“I love your coat. Is it MaxMara?” asked the shop assistant in a boutique in London’s King’s Road. “No,” I answered, flattered. “It belonged to my great-uncle”. Giuseppe would wear the lovingly tailored camel coat 40 years ago for his solo journeys across the Balkan states. To me, it’s not just a great vintage piece – it’s a cultural legacy.
The oldies have been having a tough time of late. “Coronavirus only kills old people anyway,” is the heart-breaking kind of comment I’ve been reading on Facebook.
But in my native Italy, those old people include actors like the star name of Italian Neorealist cinema Lucia Bosè, designers like Sergio Rossi and curators like Germano Celant, theorist of the Arte Povera. Each loss is a loss to humanity, to us all.
There is no trace of the other old guard in newspapers – our grandparents. Their departure is typically reported through the numbers of the daily bulletins. Grief is experienced in the hidden intimacy of individuals kept apart by lockdown. Grandparents are the victims of this pandemic, and so are their grandchildren, who have lost their favourite playmates, with their hugs and kisses and unconditional love.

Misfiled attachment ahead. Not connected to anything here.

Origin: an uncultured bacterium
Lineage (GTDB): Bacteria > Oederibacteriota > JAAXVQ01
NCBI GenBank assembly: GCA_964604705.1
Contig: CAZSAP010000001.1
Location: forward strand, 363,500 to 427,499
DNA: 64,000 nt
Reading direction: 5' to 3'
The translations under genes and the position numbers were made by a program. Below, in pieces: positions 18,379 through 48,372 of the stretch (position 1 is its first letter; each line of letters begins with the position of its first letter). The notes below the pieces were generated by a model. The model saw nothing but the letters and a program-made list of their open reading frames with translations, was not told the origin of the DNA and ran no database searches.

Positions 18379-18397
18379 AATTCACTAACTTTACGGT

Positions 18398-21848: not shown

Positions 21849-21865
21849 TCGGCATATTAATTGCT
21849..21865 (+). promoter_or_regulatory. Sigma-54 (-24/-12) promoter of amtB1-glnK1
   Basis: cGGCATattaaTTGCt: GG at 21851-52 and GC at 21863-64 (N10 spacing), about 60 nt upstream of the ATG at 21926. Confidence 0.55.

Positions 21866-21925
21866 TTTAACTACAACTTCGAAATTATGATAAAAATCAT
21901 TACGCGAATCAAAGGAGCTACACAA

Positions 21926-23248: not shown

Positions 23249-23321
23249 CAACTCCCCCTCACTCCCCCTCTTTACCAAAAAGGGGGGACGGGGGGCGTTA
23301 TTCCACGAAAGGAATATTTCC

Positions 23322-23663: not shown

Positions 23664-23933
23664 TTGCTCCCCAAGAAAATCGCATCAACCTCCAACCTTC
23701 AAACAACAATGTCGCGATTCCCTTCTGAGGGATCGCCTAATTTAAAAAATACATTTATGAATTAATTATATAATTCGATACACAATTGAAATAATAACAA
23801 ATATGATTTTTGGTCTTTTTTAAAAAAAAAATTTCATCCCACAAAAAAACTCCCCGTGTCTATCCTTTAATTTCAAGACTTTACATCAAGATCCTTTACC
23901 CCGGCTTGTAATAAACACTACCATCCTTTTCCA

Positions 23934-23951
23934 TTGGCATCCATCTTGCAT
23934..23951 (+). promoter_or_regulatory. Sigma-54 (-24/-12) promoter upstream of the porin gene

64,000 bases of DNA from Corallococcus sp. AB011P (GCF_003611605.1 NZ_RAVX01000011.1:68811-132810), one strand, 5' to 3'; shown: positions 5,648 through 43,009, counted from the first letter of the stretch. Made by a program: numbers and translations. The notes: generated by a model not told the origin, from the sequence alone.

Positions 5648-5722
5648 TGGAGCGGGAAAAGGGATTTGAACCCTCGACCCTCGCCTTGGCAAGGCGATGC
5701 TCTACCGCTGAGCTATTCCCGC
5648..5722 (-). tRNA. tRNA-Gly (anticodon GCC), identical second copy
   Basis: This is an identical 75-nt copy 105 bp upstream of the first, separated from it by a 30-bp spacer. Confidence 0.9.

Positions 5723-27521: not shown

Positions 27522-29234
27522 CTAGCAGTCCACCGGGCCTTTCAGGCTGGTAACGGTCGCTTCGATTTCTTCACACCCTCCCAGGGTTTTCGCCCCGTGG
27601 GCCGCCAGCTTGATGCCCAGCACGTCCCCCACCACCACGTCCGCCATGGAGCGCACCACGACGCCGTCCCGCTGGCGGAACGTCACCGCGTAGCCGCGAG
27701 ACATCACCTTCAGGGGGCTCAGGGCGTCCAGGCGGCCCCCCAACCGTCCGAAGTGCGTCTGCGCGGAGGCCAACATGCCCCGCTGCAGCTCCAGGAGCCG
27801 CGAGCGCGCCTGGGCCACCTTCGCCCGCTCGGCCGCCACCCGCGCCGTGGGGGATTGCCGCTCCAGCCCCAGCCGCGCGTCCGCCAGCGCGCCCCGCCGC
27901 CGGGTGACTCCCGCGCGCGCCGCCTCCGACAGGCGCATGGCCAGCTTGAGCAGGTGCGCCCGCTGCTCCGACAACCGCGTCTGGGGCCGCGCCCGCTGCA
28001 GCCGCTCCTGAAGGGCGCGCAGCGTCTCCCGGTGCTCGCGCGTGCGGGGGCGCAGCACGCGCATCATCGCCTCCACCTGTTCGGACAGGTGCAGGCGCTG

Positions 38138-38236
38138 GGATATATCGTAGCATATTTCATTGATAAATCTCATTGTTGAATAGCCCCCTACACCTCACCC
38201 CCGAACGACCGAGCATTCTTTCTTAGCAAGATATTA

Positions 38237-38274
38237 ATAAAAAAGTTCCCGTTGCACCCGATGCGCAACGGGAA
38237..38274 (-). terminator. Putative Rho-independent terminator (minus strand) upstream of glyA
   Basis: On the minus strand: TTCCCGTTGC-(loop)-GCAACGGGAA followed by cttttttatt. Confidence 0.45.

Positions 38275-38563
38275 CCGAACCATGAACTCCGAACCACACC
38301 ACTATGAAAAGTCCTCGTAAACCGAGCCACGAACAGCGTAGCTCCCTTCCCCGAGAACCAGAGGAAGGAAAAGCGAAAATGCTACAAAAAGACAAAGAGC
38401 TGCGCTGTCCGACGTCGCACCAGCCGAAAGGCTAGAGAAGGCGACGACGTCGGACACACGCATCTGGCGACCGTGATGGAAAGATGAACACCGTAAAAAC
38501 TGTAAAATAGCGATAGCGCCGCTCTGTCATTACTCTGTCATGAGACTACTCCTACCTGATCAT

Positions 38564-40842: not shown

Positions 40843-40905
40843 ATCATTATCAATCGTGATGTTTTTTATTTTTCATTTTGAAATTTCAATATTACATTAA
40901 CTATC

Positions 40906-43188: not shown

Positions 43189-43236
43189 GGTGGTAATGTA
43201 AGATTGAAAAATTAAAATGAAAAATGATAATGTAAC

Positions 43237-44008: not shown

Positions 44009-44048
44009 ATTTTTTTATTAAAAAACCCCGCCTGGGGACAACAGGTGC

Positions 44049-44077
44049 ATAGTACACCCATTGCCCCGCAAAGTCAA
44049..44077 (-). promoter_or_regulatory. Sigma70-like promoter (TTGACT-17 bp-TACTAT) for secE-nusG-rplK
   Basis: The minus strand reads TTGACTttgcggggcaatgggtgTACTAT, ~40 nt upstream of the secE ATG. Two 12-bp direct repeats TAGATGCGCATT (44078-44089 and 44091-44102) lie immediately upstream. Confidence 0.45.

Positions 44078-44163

The ancient Romans had a word for the devotion the older generation inspire – pietas. They thought that respect and care towards parents and grandparents, as the ultimate keepers of knowledge and traditions, were essential to guarantee the success of the Republic. Pietas today could be defined as a deep admiration for a proud and enduring culture and for ancient values we might wish to inherit.